McCook did not receive this order until 2.30 o'clock, and was on the march at five. Owing to the difficulty of finding water for his command where the troops were expected to encamp, Thomas, on the night of the 7th, moved off the direct line of march some six miles and was delayed several hours in reaching his position on the field. During the night some pools of water were discovered in small creek about two miles and a half from Perryville. Colonel Dan McCook with the Thirty-sixth Brigade was ordered forward, and, after a sharp engagement, secured possession of the pools, and a supply of bad water for Gilbert's troops was obtained.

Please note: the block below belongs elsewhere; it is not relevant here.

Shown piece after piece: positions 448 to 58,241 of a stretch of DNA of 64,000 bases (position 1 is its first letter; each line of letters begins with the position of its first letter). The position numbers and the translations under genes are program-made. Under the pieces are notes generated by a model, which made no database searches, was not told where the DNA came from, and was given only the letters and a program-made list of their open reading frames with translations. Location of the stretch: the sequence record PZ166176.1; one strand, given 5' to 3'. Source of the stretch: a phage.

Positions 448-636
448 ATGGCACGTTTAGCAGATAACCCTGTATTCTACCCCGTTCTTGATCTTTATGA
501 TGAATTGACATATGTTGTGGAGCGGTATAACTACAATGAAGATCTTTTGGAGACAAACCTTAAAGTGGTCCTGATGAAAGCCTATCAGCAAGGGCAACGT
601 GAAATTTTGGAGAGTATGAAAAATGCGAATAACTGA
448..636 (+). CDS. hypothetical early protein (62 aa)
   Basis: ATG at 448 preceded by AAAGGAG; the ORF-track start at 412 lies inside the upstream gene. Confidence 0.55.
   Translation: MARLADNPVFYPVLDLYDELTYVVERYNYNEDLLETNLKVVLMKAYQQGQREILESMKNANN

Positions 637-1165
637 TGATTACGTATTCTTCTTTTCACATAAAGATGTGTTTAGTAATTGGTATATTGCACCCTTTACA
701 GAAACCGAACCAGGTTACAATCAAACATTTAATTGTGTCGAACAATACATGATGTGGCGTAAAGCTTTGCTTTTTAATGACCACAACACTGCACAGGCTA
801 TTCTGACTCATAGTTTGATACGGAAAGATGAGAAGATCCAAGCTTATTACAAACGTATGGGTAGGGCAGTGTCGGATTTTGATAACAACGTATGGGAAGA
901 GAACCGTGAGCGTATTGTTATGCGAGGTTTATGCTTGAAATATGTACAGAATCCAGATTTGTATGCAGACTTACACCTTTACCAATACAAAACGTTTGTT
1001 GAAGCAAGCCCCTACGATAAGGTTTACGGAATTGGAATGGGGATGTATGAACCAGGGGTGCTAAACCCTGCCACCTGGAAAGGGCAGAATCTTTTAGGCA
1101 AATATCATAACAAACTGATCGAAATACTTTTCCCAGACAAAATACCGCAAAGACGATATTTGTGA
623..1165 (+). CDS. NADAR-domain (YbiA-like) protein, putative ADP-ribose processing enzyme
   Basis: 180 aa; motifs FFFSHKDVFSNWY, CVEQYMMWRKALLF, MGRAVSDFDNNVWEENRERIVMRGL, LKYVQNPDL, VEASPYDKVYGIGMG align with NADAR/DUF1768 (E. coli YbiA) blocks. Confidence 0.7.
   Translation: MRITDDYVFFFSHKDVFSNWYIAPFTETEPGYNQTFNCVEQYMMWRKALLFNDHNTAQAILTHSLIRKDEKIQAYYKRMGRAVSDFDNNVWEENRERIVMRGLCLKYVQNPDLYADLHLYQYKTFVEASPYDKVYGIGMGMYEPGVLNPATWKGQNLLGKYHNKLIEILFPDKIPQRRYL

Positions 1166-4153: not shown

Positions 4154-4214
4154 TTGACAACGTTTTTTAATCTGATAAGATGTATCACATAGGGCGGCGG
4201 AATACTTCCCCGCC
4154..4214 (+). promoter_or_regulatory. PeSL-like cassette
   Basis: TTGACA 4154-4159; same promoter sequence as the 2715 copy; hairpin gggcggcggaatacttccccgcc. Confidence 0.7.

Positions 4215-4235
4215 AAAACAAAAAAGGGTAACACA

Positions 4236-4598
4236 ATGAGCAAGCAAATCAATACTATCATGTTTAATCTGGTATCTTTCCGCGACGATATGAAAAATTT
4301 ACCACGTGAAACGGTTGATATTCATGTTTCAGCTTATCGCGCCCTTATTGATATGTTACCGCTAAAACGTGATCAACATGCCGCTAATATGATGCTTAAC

On October 1st, Bragg, leaving Polk in command at Bardstown, under orders to slowly retire to Bryantsville, started for Lexington. Here he ordered Kirby Smith with all his forces to Frankfort, to assist in the installation services of the rebel Provisional Governor of Kentucky at the capital of the State. At Lexington, on the 2d, learning of Buell's movements from Louisville, Bragg ordered Polk in writing--sending two copies to him--to advance at once, "with his whole available force, by way of Bloomfield, toward Frankfort, to strike the enemy in the flank and rear." Polk was informed in the order that Kirby Smith would at the same time attack the front.